Bestselling authors Chip and Dan Heath recently released a book detailing their study of executive decision-making. In Decisive, the Heaths discuss the biases and other built-in flaws that prevent people from making the best choices. The authors contend that when a leader faces a difficult decision that seems to present a choice between two options, the first question to ask is: How can I have both?
A restaurant, and its customers, can have their cake and eat it too
This brilliant turn of logic even applies to mobile and online ordering for restaurants. A common question from restauranteurs considering a mobile and online ordering solution is, “Sure an app would be great for our customers, but don’t I need to integrate with my POS system?”
The answer is, “yes and no.” First of all the word “integration” can have a lot of meanings. One might be the implication that the mobile ordering app will work directly with the software on the POS system. This is often difficult, expensive and in a lot of cases ultimately unneccessary. Technical integration is filled with unexpected hurdles. If integrating a mobile and online ordering system with a POS system results in any extra effort during regular business operations, integration could actually hamper a restaurant’s production process and drag down workflow.
The word “integration” can have a broader meaning, however. Whether or not a mobile or online order and payment integrates with your POS system, the true mark of a robust mobile and online ordering system is one that integrates tightly into a restaurant’s work flow, and even improves it. Mobile and online ordering should help a restaurant be more time efficient, increase throughput and ultimately lead to scores of happy customers. To that end, there are two questions a restauranteur should ask him or herself before deciding the best way to receive mobile and online orders:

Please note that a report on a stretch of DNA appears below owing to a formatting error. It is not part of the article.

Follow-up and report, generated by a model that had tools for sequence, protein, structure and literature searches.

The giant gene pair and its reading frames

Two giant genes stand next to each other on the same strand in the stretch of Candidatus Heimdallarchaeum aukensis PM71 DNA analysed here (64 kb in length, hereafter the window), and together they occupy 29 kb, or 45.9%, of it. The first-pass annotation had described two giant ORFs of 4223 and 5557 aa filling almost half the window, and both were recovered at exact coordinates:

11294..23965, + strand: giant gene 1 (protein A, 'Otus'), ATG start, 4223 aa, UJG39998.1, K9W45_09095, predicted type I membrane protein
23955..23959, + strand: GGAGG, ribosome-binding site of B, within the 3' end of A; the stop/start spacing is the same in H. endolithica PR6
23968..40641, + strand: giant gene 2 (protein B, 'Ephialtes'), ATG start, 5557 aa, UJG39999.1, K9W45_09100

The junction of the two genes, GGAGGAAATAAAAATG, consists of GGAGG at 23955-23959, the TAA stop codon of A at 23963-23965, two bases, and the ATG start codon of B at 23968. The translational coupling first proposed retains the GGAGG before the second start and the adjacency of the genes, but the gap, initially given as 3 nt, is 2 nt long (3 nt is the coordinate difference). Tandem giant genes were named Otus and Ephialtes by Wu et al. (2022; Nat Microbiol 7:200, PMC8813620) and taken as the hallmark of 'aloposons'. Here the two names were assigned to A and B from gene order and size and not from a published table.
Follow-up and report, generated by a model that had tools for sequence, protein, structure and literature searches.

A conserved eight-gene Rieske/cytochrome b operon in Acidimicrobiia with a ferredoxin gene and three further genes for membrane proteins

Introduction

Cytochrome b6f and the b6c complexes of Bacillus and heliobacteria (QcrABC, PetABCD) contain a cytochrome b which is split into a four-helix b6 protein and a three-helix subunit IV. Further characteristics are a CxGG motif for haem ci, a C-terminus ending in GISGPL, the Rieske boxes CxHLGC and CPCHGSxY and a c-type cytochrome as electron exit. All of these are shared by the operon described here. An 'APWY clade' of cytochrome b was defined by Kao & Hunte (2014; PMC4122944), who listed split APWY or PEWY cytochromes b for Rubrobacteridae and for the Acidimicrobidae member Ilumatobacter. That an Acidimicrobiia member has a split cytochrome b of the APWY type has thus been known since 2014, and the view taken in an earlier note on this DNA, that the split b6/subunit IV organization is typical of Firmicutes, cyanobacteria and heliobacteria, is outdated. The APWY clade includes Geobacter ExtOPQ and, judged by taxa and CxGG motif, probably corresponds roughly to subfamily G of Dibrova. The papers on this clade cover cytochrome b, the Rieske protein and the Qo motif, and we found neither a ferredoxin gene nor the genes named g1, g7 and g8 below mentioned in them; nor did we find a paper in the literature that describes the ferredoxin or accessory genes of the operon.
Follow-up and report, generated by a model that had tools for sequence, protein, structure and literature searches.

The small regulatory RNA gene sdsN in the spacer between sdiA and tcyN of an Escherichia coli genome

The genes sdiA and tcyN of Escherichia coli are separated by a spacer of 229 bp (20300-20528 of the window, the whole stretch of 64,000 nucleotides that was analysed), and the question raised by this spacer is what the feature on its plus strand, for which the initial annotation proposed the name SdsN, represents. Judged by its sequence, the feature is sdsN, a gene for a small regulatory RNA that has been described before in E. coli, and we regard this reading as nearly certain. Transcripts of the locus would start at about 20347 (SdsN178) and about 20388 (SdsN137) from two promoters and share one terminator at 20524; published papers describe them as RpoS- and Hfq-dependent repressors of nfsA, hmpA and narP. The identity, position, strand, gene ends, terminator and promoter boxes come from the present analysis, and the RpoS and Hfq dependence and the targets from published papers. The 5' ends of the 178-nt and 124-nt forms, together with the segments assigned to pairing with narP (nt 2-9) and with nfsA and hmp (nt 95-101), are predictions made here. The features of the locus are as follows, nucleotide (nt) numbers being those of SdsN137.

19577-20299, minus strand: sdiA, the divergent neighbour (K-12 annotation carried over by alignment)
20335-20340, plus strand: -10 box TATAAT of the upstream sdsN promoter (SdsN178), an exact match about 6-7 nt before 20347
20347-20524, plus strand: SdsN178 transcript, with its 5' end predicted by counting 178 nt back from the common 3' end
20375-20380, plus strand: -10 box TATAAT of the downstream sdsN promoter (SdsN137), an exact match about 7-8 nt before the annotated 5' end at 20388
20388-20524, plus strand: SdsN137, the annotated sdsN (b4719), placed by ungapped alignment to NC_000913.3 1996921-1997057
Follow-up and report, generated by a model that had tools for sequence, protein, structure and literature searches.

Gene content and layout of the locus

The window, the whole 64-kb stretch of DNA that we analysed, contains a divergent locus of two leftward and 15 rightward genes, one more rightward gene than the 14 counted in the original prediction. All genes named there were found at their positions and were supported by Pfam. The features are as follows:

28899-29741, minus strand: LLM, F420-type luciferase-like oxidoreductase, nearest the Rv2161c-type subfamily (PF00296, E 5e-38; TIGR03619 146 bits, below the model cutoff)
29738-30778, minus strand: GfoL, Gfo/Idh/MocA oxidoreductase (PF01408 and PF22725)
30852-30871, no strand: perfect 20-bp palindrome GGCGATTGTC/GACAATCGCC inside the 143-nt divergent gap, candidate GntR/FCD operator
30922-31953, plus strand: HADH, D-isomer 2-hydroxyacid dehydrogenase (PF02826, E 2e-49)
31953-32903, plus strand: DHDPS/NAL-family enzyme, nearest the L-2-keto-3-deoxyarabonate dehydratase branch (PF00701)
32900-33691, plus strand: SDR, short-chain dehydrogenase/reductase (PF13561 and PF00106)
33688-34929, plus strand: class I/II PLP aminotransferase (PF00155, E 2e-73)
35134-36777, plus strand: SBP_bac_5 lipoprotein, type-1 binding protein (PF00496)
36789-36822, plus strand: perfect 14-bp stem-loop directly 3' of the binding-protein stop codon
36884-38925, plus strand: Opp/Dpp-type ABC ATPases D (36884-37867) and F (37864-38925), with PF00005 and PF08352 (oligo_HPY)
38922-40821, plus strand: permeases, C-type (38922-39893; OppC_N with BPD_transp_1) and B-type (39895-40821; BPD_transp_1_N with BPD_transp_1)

- What is the work flow for my restaurant staff and customers, including ordering, preparation and payment?
- What services or devices have we already implemented that the staff is trained and accustomed to using?
With this information one can figure out a working solution for the needs of a particular restaurant, or even solutions if the needs vary from location to location. For example, Splick-it offers six ways to present mobile and online orders to a restaurant. Based on how a restaurant operates and the responses to the above questions, we are able to combine one or more order presentation methods to best suit the process and their budget. If getting a phone notification and an email works better than a paper printout of the order, the system abides.
The point of sale marketplace is rapidly evolving. The advent of the tablet computer and other more affordable payment systems have given greater influence to a niche of high-tech small business customers. With new, cheaper, more versatile POS options springing up left and right, it is unwise to make too permanent a commitment. Every integration of a software system or any other tool to a POS system represents another tether one has to sever before moving on to a better and/or cheaper POS solution. No doubt POS providers envision a permanent marriage to their customers, but it better suits a restaurant to remain in a position to pivot with the technological winds.
When you think of mobile and online ordering integration, think not in the simple terms of working with this or that POS software. Integration is really about mobile and online ordering fitting well into a restaurant’s work flow. Creating hassle by adding extra steps or making a process more cumbersome doesn’t help the staff or the customers. A well-integrated solution will streamline the process and be practically invisible.